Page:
News World South Africa halts AstraZeneca coronavirus jabs

South Africa halts AstraZeneca coronavirus jabs

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South Africa will suspend use of AstraZeneca’s COVID-19 shot after data showing it gives minimal protection against mild to moderate infection caused by the country’s dominant coronavirus variant.

Health Minister Zweli Mkhize said on Sunday (local time) the government would await advice from scientists on how best to proceed, after disappointing results in a trial conducted by the University of the Witwatersrand.

The Australian government had intended to roll out the AstraZeneca shot to healthcare workers soon.

On Monday, Health Minister Greg Hunt downplayed concerns about the effectiveness of the jab, telling Sydney radio 2GB he still had confidence in it, base on the latest British data.

“I spoke with the UK health secretary in recent days – that’s their health minister equivalent – they’re having very strong results,” he said.

“In terms of particular variants, particular countries, the world is learning about those with all vaccines.”

“All up what we’re seeing is very significant results with the vaccines that have been approved with up to 100 per cent protection on the early data that we’ve seen in the clinical trial results for serious illness and hospitalisation.”

South Africa will pivot to using vaccines developed by Johnson & Johnson and Pfizer in coming weeks while experts consider how the AstraZeneca shot can be deployed.

“What does that mean for our vaccination program, which we said will start in February? The answer is it will proceed,” Mr Mkhize said.

“From next week for the next four weeks, we expect that there will be J&J vaccines, there will be Pfizer vaccines.

“What will be available to the health workers will be those vaccines.”

“The AstraZeneca vaccine will remain with us … up until the scientists give us clear indications as to what we need to do,” he added.

Study not peer-reviewed

The ABC reported the South African study involved only 2000 people with an average age of 31 and had not yet been peer-reviewed.

“Protection against moderate-severe disease, hospitalisation or death could not be assessed in this study as the target population were at such low risk,” a statement from Oxford University read.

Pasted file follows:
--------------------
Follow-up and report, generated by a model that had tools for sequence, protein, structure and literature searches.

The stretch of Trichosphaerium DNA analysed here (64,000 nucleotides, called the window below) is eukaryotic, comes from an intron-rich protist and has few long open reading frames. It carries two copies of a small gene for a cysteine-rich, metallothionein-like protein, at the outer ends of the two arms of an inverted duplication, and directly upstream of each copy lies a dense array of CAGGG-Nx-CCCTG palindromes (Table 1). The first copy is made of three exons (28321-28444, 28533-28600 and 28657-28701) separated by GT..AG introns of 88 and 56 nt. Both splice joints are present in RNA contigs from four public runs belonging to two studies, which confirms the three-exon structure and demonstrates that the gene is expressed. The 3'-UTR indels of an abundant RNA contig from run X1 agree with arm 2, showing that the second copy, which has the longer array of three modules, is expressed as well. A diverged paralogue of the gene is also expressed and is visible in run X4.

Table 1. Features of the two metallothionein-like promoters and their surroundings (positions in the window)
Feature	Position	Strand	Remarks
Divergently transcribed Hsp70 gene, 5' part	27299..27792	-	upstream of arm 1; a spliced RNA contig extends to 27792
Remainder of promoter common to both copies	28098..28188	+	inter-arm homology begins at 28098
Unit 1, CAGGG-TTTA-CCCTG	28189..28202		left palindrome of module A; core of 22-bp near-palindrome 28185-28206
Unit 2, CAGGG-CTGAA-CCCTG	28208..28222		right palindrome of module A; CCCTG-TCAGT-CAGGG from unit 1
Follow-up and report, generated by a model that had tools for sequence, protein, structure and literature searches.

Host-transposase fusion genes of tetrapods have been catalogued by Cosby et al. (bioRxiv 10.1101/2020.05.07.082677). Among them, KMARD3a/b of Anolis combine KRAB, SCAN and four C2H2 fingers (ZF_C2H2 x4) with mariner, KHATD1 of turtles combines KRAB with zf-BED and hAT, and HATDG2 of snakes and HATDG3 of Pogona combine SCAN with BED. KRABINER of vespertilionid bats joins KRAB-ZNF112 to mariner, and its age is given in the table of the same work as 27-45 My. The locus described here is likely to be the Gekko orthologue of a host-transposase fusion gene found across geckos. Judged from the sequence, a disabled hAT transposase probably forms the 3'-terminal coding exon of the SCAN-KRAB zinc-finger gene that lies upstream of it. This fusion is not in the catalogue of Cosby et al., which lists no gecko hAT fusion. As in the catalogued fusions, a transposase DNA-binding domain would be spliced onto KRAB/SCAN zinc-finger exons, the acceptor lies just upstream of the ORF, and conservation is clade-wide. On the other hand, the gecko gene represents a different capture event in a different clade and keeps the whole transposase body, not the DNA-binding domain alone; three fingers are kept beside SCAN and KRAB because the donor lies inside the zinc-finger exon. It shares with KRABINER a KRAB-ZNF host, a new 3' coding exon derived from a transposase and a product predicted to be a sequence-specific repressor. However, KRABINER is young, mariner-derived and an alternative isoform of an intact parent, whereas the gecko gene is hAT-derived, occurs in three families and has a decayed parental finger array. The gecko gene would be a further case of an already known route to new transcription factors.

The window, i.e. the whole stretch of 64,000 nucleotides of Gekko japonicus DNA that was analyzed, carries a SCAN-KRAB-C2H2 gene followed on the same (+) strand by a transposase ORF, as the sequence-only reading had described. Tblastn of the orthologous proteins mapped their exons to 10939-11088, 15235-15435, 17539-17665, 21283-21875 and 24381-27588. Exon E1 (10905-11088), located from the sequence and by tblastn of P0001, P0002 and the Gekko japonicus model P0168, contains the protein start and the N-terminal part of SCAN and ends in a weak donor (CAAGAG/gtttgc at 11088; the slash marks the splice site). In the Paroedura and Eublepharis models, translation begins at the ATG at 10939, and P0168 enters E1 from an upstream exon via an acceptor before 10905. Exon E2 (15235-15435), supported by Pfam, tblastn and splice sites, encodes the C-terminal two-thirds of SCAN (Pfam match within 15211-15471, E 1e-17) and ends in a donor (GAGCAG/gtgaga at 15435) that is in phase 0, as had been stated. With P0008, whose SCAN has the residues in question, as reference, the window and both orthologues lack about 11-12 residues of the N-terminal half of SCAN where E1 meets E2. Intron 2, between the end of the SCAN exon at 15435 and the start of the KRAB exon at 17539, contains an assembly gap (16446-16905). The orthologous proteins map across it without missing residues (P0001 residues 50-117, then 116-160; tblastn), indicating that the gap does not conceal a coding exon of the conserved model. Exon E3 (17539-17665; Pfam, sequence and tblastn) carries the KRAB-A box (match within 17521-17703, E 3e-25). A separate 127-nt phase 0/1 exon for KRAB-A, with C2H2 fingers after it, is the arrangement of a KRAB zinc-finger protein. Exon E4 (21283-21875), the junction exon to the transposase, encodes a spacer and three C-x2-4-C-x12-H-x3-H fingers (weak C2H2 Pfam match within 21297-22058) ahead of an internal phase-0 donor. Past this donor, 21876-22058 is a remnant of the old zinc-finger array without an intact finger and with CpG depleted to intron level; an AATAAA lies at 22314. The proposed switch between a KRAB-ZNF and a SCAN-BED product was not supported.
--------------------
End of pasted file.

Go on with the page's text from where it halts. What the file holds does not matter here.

Sarah Gilbert, the vaccine’s lead researcher, said on Sunday the company expected to have a modified jab to cope with the South Africa coronavirus variant by September, despite its belief the vaccine would still protect “against severe disease”, the ABC reported.

Prior to widespread circulation of the more contagious variant, the vaccine was showing efficacy of about 75 per cent, researchers said.

In a later analysis based mostly on infections by the new variant, there was only a 22 per cent lower risk of developing mild-to-moderate COVID-19 versus those given a placebo.

Although researchers said the figure was not statistically significant due to trial design, it is well below the benchmark of at least 50 per cent regulators have set for vaccines to be considered effective.

AstraZeneca said on Saturday it believed its vaccine could protect against severe disease and that it had already started adapting it against the 501Y.V2 variant.

Still, professor Shabir Madhi, lead investigator on the AstraZeneca trial in South Africa, said data on the vaccine was a reality check and it was time to “recalibrate our expectations of COVID-19 vaccines”.

South Africa hopes to vaccinate 40 million people, or two-thirds of the population, to achieve some level of herd immunity. However, it is yet to administer a single shot.

Professor Salim Abdool Karim, an epidemiologist advising government, said a new approach was needed.

First a vaccine should be used in a targeted group to assess hospitalisation rates. If it then proved effective in reducing hospitalisations, it could feature in a wide-scale rollout, he said.

If it was not effective in reducing hospitalisations, individuals who had received it should be offered another effective vaccine, either a booster based on the variant or another vaccine.

It was probable South Africa would experience a third wave of infections when winter started in about four months, Professor Madhi said.

He added it would be “somewhat reckless” to discard the one million AstraZeneca doses the country had received when there was still a chance they could protect against severe COVID-19.

-with agencies